Q & A: Heidfeld on Renault test

Renault says that the vacant seat in its lead car is effectively Nick Heidfeld's to lose, as the team prepares to evaluate the experienced German in testing this weekend

Q & A: Heidfeld on Renault test

Heidfeld is already at Jerez, and AUTOSPORT was there to hear his thoughts about his erstwhile BMW team-mate Robert Kubica's horrendous rally accident and his own potential stand-in seat with Renault.

Q. You've been here before, haven't you?

Nick Heidfeld: It's not the first time I'm in a situation where it looked like it would be difficult to have a drive, but now I have a chance.

Q. Do you feel the pressure to prove yourself?

NH: No, I don't think like this. It's not my first time in this position. I had it in Formula 3 with a load of guys, and something similar with the McLaren junior team in Formula 3000. And there was a head-to-head with Antonio Pizzonia at Williams, so I'm very confident that I can deliver. I think the test here is the first and most important step for me to have the chance to race.

Q. Will your Pirelli experience help?

NH: I think it should be an advantage. The tyres definitely have changed after I left. But I did most of the work on the construction side, and just a little bit of work on the compounds.

But definitely I have quite some knowledge about them, and they shouldn't suit me too bad. I didn't try to develop a tyre that suited me and not the others, but naturally you cannot tell the engineers that a tyre is good if you don't like it. So it shouldn't be too bad, and I hope that can be an advantage.

Q. Do you have a plan for how to approach this test?

NH: I will handle it as I have always done. I will push the limit as soon as I feel confident to go there. However long that takes. I don't go in there thinking I will take it slow straight away, I will just do what comes naturally.

Q. Have you had much time to learn about the car?

NH: Not enough! Everything was very short-term. I have been in the factory, spoken to the engineers, to Eric [Boullier]. We haven't made a seat yet, we have to do that here tonight and maybe tomorrow night.

Everything is very tight, and I will not be in there straight away knowing everything. But we should be okay.

Q. When did you know you would be driving here?

NH: Yesterday. I spoke to Eric and that's when it became clear.

Q. What are your feelings about Robert?

NH: Of course, it's horrible. It was a very strange feeling for me when I heard about it Sunday morning, that there was a crash. I hoped that it was not too bad.

Then I was in front of the internet most of the day, and as you know, it's difficult to know what to believe on the internet. But it was the only info I could get.

The first info I saw was that he broken a leg, but unfortunately it turned out a lot worse. But if you see the car, with the Armco sticking out of the back, I think the situation was quite dramatic.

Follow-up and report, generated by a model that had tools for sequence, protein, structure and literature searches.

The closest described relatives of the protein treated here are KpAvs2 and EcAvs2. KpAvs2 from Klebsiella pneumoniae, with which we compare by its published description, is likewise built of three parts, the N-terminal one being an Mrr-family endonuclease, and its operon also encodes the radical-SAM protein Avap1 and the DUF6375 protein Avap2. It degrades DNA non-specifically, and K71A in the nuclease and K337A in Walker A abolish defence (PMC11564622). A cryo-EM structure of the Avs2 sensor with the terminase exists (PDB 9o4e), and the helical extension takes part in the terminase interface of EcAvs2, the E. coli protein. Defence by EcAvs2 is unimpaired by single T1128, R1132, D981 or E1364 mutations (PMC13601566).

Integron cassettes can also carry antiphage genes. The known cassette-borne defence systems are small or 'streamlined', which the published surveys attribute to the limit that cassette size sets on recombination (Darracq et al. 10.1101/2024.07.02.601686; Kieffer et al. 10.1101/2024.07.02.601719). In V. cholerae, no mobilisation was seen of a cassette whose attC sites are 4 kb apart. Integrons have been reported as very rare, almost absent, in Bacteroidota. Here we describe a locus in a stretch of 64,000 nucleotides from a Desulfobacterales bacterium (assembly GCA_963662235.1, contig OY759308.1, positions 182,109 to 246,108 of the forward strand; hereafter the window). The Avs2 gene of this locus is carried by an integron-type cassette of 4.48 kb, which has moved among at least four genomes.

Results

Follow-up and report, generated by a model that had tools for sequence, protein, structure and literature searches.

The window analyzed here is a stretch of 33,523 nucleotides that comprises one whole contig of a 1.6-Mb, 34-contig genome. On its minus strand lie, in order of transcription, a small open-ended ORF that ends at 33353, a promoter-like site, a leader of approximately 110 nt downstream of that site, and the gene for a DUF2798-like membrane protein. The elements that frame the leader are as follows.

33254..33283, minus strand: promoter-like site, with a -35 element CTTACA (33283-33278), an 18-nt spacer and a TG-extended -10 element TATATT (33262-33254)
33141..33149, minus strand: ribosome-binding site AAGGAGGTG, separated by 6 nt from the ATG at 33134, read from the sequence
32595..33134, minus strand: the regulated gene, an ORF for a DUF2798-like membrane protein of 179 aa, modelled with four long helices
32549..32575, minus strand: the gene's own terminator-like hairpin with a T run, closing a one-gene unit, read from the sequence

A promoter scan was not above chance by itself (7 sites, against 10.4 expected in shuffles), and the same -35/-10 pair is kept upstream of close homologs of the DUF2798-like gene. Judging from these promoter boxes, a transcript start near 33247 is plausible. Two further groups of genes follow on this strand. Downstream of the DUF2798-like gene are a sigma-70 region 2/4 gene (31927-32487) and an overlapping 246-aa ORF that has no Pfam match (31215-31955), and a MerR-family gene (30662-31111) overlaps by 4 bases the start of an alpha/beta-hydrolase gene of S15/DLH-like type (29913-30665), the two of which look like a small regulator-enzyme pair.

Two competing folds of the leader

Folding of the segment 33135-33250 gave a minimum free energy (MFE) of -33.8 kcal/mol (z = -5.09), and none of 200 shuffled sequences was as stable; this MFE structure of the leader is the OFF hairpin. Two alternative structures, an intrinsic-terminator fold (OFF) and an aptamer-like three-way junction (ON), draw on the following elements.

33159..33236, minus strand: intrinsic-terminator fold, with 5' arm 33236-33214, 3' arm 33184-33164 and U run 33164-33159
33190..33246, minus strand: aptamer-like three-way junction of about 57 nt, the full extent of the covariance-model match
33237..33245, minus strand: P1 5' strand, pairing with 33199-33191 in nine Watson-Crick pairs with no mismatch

Luckily, since then, the information that has come to us has got better. They were not sure if he would survive, there was talk about amputation of the hand. Even if I had not been his team-mate, to hear something like this is really shocking. It was horrible.

Of course I hope he will recover as soon as possible. On the other side, if there is a chance given to me, I will try to take it.

Q. You hurt yourself a few years ago. What is the limit of what a driver can do outside Formula 1?

NH: I was cycling! It can happen so quickly. Obviously there are things that are more of a risk than others, and rallying is probably one of those. Everybody has to decide for himself what they will do.

As far as I understand he was very unlucky that the Armco was not as it should be. But that's how it is in life and in racing. Unfortunately things are not always perfect.

Q. How do you expect Robert to react?

NH: His love for motor racing is clear, this is probably why he does rallying. He will do everything to come back, and as we all know he had an accident a few years ago where he also came back quicker than expected. Now, the doctors are surprised that he is already able to move his fingers in such a short period of time.

For sure he will be very motivated and will try as hard as possible to come back. It's very difficult to know exactly what is going on with him, in his mind, and how he is feeling. I read stories of other people who had big accidents, and I think it can be quite difficult. But people who are elite in their sports and have a big love for something, usually have a big power to come back. I'm sure Robert is very clearly one of those people.

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